Monday, October 15, 2012

D&D and Writing

I think I may have discussed it before, but there are things that differ, fundamentally, from playing D&D and writing, and I think the reason I have such a hard time when writing novel-length endeavors is because I'm stuck in some kind of D&D mode. I finally finished my second manuscript (a clockpunk piece set in 1486 that follows the PoV of a Florentine spy and a Roman nun) and only now have I begun to break out of my DMing chains in writing long-form work. For some reason short stories and I don't have that problem -- maybe because I've written so many of them over the years that my style has been allowed to diverge from the way I run a D&D game.

The precise problem is easy to trace: an overabundance of descriptive words which hangs up the action. In D&D, every time you see something new you have to have it described in detail. Those details matter! They allow your players to make complex decisions (usually decisions that you never even considered) at a moment's notice. Is it important that the stones of the tower are unevenly spaced? Surely, in case someone wants to knock it over. Does it matter that the man you're talking to has a beard? It does if you want to set his face on fire.

These are extreme examples, but it serves to illustrate my point. When someone is reading a novel, those are details that they don't always need right away. They aren't tasked with making any decisions. Novel-reading is interactive, don't get me wrong, but in a writer-reader-tale-construction sort of way, not in an active decisions-making way. You could, for example, reveal the beard later (or casually: "He scratched his beard" is just as legitimate as legitimate a way to show that a man has a beard in a novel as saying it straight out -- whereas, in a D&D game, if you had not previously described the man as having a beard players might be prone to shout "He has a beard?!") and keep the stones of the tower completely out of it (unless it somehow helped to build the scene).

This has been a near-constant struggle in my long-form writing. I'm far too used to giving everyone an immediate description of EVERYTHING, from light-quality to material. I think I've finally managed to conquer the urge, but not without great efforts.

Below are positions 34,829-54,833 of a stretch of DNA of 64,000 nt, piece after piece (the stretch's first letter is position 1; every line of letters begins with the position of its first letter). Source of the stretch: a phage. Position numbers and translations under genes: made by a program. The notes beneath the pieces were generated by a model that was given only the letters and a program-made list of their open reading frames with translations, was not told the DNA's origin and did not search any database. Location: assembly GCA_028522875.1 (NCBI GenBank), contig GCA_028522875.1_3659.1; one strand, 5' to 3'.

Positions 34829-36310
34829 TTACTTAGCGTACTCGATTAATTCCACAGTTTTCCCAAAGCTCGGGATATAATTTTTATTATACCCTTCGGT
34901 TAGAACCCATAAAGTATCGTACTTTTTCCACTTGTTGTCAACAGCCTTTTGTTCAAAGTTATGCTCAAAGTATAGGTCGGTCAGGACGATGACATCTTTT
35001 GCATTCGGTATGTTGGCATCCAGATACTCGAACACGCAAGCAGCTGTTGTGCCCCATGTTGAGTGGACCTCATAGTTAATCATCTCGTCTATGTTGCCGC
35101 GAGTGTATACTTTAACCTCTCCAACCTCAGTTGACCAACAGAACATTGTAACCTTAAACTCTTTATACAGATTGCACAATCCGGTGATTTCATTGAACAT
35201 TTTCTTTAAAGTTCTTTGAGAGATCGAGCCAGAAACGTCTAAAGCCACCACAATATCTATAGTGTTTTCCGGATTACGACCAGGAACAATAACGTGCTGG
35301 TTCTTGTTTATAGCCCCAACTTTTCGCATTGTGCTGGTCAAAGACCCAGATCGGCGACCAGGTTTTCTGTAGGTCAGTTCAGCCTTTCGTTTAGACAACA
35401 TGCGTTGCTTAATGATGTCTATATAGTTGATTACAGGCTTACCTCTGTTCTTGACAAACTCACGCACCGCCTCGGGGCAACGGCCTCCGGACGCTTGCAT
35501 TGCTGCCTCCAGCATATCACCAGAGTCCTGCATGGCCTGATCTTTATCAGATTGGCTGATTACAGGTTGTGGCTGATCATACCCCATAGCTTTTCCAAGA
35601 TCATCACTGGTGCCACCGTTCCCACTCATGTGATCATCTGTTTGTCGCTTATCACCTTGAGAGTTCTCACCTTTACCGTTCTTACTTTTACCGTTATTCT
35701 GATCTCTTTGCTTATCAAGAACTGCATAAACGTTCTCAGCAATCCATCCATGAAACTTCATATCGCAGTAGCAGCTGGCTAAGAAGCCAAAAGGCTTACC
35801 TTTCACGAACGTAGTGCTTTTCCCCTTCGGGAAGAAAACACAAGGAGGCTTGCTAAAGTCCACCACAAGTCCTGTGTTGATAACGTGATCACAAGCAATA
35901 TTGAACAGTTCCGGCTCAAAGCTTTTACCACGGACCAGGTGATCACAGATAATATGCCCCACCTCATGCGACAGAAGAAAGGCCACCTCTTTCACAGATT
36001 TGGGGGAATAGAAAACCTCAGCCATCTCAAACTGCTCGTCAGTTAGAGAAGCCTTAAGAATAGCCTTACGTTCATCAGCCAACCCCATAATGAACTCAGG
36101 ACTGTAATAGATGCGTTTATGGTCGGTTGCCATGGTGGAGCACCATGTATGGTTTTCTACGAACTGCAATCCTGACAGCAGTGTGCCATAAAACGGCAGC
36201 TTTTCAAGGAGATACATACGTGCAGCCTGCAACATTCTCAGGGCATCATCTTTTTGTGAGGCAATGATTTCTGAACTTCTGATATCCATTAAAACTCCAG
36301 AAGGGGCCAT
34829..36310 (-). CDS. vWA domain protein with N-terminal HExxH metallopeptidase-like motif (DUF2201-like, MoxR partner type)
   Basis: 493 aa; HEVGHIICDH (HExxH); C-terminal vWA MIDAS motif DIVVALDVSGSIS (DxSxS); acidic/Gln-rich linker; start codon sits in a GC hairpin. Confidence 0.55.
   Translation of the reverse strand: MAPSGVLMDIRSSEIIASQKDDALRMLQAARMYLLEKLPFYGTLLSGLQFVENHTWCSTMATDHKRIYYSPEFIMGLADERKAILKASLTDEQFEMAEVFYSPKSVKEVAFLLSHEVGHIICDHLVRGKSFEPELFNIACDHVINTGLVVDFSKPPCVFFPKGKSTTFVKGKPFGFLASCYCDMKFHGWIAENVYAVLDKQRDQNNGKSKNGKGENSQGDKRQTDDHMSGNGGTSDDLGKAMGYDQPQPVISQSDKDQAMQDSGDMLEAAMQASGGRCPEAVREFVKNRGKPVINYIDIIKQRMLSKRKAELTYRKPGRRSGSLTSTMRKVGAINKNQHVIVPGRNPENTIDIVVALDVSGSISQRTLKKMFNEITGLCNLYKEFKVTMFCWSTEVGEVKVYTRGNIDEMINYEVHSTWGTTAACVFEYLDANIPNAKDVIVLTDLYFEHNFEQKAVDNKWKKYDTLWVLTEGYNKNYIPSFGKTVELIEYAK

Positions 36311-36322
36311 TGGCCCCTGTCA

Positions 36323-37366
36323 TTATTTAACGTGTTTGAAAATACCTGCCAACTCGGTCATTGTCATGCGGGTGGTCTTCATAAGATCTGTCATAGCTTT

On a lighter note, a friend (Christine Duffy) was once an editor and she is going to see if she can get some folks who are still editors to have a read over the manuscript and see if they maybe want to, you know, publish Heavenly Devices. So you might be looking for it in a bookstore near you sometime soon.

Oh, and Heart of Darkness progresses apace. Jocelyn and I are waiting for all the art to come in so we can lay it out and put it up. Those of you who won yourselves a free copy by reviewing Sordid Stories and the Adventurer's Guide to the Imperial City, you'll still get it. I promise!

1 comment:

  1. One trick from an author I really like is how they approach character descriptions, and I think it could work for most things. No character is given a full description until someone else sees them, and has a narrative voice, and even then, they only describe the things that seem different and unusual. It helps a lot. Best example, a big fighter type bloke that you get the impression can look after himself, when described by someone else is a monster of a man, covered in scars, with several knives about his person, and a scowl that never leaves his face.